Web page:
Baruah MP, Bhuyan SB, Deka J, Bora J, Bora S, Barkakati M. Alternate-day dosing of linagliptin in type 2 diabetes patients controlled on once daily dose: A case series. Indian J Endocr Metab 2016;20:568-72

How to cite this URL:
Baruah MP, Bhuyan SB, Deka J, Bora J, Bora S, Barkakati M. Alternate-day dosing of linagliptin in type 2 diabetes patients controlled on once daily dose: A case series. Indian J Endocr Metab [serial online] 2016 [cited 2021 Feb 27];20:568-72. Available from: https://www.ijem.in/text.asp?2016/20/4/568/183468




   Introduction Top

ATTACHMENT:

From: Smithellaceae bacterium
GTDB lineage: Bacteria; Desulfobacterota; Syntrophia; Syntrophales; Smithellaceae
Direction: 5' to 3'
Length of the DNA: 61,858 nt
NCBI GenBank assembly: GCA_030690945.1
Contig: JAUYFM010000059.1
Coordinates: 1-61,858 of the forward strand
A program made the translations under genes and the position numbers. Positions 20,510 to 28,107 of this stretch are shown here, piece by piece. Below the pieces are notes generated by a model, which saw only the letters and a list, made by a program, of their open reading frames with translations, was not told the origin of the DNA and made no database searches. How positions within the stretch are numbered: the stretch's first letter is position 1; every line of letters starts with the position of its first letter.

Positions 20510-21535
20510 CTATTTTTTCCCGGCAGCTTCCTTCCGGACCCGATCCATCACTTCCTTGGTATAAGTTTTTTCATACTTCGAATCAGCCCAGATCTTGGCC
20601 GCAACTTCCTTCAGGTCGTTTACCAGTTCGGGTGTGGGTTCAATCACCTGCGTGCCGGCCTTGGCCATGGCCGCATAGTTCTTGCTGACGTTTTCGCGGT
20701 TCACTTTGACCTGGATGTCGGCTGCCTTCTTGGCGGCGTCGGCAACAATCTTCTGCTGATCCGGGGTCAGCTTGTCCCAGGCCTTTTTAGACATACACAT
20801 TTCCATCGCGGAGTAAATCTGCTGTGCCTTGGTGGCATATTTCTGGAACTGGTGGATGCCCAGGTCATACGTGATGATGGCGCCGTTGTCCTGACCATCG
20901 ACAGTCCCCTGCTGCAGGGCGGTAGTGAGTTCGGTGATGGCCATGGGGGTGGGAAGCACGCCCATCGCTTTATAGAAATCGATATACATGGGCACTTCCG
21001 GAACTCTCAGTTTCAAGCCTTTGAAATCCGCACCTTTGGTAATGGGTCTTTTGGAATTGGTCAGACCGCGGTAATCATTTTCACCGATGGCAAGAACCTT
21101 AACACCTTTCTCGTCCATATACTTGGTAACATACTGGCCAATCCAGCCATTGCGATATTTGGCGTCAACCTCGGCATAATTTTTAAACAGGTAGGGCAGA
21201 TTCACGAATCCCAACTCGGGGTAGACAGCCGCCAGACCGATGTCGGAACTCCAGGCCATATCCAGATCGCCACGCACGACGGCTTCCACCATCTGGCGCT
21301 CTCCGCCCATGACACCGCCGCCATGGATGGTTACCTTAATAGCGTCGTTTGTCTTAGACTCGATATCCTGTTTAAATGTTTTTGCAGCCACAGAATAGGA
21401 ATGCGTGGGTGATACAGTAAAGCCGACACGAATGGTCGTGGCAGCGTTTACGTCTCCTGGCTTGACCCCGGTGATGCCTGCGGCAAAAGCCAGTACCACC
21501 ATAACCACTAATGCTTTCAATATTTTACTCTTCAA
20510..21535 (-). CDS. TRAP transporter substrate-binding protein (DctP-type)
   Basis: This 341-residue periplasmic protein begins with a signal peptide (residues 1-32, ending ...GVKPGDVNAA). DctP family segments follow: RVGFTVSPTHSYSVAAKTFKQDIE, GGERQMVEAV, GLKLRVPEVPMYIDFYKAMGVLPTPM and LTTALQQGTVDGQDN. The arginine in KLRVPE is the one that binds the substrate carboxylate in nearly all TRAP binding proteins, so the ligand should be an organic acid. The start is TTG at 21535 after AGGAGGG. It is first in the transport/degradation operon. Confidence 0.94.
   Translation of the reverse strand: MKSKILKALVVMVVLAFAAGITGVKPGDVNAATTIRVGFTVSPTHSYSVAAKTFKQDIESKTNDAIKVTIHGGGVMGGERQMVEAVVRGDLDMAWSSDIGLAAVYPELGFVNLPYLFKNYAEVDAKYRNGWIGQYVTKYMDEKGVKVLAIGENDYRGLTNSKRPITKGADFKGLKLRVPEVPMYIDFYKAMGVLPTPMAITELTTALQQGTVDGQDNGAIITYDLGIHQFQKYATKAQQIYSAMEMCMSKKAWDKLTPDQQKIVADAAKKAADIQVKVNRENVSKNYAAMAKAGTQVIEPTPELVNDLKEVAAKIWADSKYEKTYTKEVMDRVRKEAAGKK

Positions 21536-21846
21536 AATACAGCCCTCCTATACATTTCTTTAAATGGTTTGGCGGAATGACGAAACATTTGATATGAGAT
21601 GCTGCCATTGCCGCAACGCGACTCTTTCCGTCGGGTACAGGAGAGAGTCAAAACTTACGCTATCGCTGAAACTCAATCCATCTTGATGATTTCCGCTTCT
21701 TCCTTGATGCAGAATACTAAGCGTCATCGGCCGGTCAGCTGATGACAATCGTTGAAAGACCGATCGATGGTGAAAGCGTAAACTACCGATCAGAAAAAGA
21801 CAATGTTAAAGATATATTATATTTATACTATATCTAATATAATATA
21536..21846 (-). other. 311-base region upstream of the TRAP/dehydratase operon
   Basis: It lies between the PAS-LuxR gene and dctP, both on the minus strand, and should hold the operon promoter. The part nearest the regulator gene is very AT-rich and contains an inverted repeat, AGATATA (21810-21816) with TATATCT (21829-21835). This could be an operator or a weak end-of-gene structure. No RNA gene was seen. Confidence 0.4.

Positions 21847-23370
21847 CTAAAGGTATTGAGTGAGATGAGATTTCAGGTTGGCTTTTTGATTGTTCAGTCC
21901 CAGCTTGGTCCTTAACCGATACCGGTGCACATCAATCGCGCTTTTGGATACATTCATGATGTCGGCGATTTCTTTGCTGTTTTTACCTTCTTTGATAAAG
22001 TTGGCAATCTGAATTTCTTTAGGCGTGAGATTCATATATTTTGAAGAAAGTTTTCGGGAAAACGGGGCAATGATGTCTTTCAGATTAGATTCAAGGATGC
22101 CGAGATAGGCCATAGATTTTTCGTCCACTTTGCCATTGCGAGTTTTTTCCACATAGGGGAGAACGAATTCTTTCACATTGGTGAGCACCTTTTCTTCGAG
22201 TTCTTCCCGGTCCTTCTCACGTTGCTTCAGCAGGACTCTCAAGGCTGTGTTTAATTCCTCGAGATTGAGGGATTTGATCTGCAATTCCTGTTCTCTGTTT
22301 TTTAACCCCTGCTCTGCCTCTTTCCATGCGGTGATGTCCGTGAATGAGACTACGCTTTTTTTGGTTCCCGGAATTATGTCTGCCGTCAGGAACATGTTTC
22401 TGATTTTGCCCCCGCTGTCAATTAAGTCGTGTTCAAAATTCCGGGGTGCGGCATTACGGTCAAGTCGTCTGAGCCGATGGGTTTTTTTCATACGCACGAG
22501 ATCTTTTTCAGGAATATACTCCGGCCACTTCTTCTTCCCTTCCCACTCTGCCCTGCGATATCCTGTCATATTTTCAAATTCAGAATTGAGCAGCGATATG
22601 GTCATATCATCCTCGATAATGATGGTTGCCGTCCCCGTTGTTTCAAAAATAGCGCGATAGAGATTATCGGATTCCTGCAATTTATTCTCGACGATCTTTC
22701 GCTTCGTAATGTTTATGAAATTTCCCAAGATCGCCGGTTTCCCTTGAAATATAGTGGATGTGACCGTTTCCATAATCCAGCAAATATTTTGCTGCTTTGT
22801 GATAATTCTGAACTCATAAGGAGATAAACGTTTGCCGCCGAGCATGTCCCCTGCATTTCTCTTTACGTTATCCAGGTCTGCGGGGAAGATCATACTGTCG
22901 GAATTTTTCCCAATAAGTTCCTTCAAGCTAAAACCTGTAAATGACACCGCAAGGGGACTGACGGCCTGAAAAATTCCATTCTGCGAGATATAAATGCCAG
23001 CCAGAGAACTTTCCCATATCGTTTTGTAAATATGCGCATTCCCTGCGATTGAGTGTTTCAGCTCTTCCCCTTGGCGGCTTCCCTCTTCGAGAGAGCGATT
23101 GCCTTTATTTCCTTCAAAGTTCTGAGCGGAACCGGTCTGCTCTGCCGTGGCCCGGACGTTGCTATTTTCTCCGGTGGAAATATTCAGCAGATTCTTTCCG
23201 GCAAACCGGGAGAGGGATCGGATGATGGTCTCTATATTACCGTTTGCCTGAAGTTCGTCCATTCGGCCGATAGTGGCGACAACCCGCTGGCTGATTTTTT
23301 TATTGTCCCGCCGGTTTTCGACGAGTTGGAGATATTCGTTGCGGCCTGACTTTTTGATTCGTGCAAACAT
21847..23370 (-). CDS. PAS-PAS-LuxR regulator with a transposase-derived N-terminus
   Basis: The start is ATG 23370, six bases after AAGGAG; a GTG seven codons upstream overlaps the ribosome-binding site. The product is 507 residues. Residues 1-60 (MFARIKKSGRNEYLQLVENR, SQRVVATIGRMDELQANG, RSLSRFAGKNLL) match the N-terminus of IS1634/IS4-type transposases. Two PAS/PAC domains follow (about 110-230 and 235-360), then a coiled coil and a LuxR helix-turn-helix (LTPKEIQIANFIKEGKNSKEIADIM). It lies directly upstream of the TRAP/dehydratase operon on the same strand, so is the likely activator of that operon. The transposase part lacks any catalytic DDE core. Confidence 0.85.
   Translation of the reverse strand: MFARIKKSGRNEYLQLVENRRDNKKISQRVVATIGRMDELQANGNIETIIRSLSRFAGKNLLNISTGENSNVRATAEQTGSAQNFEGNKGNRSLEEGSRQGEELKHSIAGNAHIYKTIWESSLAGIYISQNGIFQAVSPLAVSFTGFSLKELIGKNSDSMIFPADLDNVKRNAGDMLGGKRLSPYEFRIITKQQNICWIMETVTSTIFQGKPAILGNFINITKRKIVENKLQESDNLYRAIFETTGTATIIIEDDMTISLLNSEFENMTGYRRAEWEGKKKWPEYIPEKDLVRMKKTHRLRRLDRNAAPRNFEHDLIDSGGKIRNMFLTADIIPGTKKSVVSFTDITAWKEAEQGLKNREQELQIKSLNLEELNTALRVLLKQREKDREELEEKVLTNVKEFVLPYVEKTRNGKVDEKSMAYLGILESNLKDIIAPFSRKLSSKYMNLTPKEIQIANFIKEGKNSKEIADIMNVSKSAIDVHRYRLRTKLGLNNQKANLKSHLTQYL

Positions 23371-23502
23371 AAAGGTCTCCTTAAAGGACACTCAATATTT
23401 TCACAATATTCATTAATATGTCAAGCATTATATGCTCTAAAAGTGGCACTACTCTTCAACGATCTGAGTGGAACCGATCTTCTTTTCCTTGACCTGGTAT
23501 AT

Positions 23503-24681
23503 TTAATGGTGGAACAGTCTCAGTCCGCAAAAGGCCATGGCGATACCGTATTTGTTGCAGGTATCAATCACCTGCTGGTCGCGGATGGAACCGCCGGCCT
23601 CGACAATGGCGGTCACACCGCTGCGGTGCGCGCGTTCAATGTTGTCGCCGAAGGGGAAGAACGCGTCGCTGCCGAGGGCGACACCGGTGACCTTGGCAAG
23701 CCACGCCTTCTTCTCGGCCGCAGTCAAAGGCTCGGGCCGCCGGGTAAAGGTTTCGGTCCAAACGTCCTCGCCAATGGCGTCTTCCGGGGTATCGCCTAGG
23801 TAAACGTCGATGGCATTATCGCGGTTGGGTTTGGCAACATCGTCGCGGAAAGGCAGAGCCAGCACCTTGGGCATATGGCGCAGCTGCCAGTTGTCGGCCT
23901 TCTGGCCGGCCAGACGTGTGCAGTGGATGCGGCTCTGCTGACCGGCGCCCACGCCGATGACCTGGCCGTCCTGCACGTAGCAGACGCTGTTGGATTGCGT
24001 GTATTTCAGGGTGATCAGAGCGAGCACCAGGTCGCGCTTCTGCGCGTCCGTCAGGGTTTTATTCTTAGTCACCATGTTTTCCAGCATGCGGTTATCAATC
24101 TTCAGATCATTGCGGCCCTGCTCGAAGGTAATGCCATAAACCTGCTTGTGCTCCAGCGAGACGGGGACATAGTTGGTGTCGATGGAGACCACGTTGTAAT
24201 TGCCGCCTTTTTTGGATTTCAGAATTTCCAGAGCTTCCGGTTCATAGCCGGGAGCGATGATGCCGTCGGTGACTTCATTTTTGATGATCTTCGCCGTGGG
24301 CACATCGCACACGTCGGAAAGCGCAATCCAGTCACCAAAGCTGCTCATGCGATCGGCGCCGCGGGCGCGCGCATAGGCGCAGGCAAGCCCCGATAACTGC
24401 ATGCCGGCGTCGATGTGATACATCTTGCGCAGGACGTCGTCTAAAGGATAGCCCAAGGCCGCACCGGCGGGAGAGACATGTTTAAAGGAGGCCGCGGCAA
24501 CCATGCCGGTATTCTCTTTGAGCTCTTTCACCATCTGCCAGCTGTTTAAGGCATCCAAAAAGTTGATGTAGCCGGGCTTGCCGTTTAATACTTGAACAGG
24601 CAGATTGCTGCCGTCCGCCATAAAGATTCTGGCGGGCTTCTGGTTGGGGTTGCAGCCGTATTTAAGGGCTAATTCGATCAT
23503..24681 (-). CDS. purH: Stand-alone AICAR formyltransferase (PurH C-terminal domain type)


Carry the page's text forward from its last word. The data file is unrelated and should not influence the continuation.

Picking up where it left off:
Dipeptidyl peptidase-4 (DPP-4) inhibitors are a promising therapeutic class of glucose-lowering medications and include sitagliptin, vildagliptin, saxagliptin, linagliptin, and alogliptin. These inhibitors stimulate and increase the secretions of endogenous glucagon such as peptide-1 (GLP-1) and glucose-dependent insulinotropic polypeptide (GIP), which are hormones released in response to food intake. The enhancement of GLP-1 and GIP leads to insulin secretion by pancreatic β-cells, reduction in glucagon secretion, and reduction in liver glucose production.[1],[2] According to the recommendations from the American Association of Clinical Endocrinologists, DPP-4 inhibitors are recommended an option for first-line therapy in patients with an intolerance or contraindication to metformin such as renal or hepatic disease, gastrointestinal intolerance, or risk of lactic acidosis.[3],[4] DPP-4 inhibitors have also been recommended as part of combination therapy with two or three agents in patients with uncontrolled hyperglycemia.